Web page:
Women in Iraq have made huge leaps in terms of obtaining the right to work and participate in the economy. Nevertheless, they are still subject to sexual and social discrimination, not to mention their inability to get suitable job opportunities amid declining economic growth and the deteriorating security situation.
According to the indices of the latest report issued by the Central Bureau of Statistics in the Iraqi Ministry of Planning in August 2012, the percentage of women working in a sector other than agricultural in Iraq in 2011 increased to 14.7%, compared with 12.1% in 2008. Erbil comes in first place, while Baghdad witnessed an increase from 13.4% to 18.9%.
The report indicated that there is a high percentage of women who are educated and competent, but who have not entered the labor market. Israa Ibrahim, who graduated from university in 2006 with a degree in chemistry, searched for work for years. Ibrahim told Al-Monitor, “Suffering is the only common ground between Iraqi men and women. The transition from studying to working is a problem for both genders. I searched for a job for three years, but in vain. Finally, a political figure pulled some strings to get me into my current job.”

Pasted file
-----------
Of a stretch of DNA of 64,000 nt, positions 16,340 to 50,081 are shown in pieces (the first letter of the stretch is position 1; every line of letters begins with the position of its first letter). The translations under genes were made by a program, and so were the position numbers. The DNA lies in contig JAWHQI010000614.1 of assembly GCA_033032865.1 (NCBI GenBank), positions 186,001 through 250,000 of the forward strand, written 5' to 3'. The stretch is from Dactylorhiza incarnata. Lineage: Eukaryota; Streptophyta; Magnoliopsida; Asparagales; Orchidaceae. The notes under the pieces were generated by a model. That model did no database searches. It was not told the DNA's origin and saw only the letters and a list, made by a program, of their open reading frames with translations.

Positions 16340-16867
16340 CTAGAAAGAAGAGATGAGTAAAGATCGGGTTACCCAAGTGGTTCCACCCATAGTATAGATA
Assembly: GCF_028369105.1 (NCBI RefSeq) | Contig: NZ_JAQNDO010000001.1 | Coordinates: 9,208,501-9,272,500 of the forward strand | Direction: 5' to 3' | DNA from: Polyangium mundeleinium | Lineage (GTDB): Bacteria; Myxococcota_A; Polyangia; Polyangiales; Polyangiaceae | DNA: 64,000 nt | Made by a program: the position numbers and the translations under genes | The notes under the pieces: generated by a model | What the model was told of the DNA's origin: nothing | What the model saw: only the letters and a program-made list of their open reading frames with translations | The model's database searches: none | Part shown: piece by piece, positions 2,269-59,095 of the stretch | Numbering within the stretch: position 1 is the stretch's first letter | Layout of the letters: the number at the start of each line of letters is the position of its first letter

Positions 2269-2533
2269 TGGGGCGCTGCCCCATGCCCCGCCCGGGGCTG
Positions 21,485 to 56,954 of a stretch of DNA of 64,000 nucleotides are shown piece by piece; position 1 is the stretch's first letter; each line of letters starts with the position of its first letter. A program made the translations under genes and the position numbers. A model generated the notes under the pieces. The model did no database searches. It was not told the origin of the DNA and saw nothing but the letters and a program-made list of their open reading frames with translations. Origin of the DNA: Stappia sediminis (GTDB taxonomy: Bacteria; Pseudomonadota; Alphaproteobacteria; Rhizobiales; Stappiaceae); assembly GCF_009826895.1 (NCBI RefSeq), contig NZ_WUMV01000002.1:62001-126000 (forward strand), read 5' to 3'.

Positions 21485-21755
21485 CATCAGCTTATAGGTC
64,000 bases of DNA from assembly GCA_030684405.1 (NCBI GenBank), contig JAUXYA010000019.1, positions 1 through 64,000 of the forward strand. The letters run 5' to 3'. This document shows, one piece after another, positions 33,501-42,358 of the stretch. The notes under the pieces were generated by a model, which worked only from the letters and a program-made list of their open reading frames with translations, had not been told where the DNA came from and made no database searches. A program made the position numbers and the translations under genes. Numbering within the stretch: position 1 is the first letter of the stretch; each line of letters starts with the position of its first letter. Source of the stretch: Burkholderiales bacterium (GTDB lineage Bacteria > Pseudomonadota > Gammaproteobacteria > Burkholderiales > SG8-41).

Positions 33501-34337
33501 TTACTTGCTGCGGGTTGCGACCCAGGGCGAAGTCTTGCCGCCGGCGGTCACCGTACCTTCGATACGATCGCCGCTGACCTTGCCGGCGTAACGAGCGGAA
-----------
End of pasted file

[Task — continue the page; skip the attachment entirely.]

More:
Israa mentioned that her uncle, who holds a master’s degree in international law, paid $5,000 to a member of a political party to get a job teaching at a university in Baghdad.
Another report about the economic empowerment of women in Iraq described the challenges and opportunities involving the integration of women in the Iraqi economy. The study was based on research conducted in 2011 by the United Nations Development Program in Iraq, in cooperation with the independent non-profit Iraqi Al-Amal Association.